Media, News

Hiringa Refuelling NZ commencing construction phase of nationwide green hydrogen refuelling network

November 4, 2021

Hiringa Refuelling New Zealand has today announced it is commencing the construction phase of the first four high-capacity green hydrogen refuelling stations for zero-emission heavy FCEVs (fuel cell electric vehicles) such as trucks and buses. These will form part of a nationwide refuelling network, shifting the heavy transport sector towards decarbonisation.

Andrew Clennett, CEO of Hiringa Energy, says this initial phase represents a total investment of NZ$50m, to install the stations in Auckland, Hamilton, Tauranga, and Palmerston North. This includes significant detailed engineering and compliance work completed to date, and builds on close collaboration with our supplier partners to create a fully integrated network solution.

“We are delighted to reach this crucial milestone in the rollout of Hiringa Refuelling New Zealand’s hydrogen refuelling network. Creating material change at this scale is incredibly exciting. This achievement is the result of collaborating with our key partner companies and working closely with central and regional government, all of whom have the central aim of making green hydrogen refuelling for heavy transport a reality in New Zealand,” said Mr Clennett.

“Instrumental to commencing construction is a NZ$16m investment from the New Zealand

Government, as part of the COVID-19 Recovery Fund and the growth capital from our key investors including Sir Stephen Tindall’s fund K1W1, and international investment from Asia and North America. These investments build on Hiringa Energy’s Strategic Alliance Agreement with Mitsui and Co. (Asia Pacific) Pte Ltd, and the memorandum of cooperation on hydrogen between Japan and New Zealand.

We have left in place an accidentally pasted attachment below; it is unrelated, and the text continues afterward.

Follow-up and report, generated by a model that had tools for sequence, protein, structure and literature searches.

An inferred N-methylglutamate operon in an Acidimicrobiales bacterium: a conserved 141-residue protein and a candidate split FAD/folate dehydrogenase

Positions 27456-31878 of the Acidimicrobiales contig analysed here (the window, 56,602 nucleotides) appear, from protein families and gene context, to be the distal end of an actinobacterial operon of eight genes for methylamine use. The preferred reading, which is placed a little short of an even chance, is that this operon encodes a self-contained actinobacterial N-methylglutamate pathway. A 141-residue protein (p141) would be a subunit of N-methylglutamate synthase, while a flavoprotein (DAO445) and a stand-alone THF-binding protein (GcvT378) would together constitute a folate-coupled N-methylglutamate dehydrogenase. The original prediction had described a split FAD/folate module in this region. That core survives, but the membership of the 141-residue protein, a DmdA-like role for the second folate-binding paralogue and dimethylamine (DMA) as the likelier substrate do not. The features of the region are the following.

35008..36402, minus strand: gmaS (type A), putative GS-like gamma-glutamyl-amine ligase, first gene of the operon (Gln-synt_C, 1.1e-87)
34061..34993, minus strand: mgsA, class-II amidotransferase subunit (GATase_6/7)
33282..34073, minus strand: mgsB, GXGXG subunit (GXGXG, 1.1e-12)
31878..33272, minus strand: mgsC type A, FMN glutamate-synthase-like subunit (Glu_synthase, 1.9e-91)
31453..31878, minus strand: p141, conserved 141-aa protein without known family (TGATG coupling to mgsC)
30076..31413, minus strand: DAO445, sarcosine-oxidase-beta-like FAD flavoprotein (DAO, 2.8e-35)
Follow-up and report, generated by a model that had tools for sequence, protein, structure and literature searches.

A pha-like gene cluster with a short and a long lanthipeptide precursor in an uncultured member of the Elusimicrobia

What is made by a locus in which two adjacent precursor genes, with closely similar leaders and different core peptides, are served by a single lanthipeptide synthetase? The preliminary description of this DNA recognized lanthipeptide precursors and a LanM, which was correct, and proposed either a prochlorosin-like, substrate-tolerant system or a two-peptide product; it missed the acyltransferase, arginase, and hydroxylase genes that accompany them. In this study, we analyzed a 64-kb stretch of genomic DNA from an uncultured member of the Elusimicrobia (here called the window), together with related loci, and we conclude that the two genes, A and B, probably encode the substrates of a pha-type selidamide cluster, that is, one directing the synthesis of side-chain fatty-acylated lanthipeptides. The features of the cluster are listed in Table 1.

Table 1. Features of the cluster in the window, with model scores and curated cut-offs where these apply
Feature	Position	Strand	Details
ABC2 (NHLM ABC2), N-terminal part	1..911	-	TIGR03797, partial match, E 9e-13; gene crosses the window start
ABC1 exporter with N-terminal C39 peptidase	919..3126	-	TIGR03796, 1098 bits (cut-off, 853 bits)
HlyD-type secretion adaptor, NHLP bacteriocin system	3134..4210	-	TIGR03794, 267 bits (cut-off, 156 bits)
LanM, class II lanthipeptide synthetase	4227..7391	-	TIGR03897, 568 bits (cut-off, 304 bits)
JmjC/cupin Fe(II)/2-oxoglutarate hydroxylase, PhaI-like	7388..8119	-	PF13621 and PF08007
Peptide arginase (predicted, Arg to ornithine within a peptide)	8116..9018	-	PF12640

“The New Zealand Government’s support in the early decarbonisation of heavy road transport has played a vital role in providing many logistics operators and their customers with the confidence to invest in and support zero-emissions FCEVs,” said Mr Clennett. “Knowing that affordable, accessible, and reliable sources of green hydrogen will be readily available is critical to creating a viable platform for Kiwi companies to innovate and create new low-emission business opportunities.

Koji Nagatomi, COO of Mitsui’s Asia Pacific Business Unit & CEO of Mitsui & Co. (Asia Pacific) said: “This is a rare opportunity to commercialise green hydrogen and decarbonise heavy duty vehicles. We believe New Zealand is an ideal market to develop and demonstrate the viability of green hydrogen as a next generation fuel.”

Mr Clennett adds, “The necessary uptake of vehicles is being facilitated by TR Group, New Zealand’s largest heavy vehicle fleet owner, with support of the New Zealand Government through a NZ$6m investment in the purchase of the first 20 FCEV trucks. TR Group will own and lease the trucks to several leading logistics companies and their end customers as foundation participants in the greening of heavy road transport in New Zealand.

“We have strategically selected the initial network locations to provide coverage for the major heavy freight routes in the North Island. The facilities will be co-located with well placed existing truck refuelling sites, owned and operated by Waitomo Group. This is an excellent example of aligned companies leaning in and partnering to enable change.”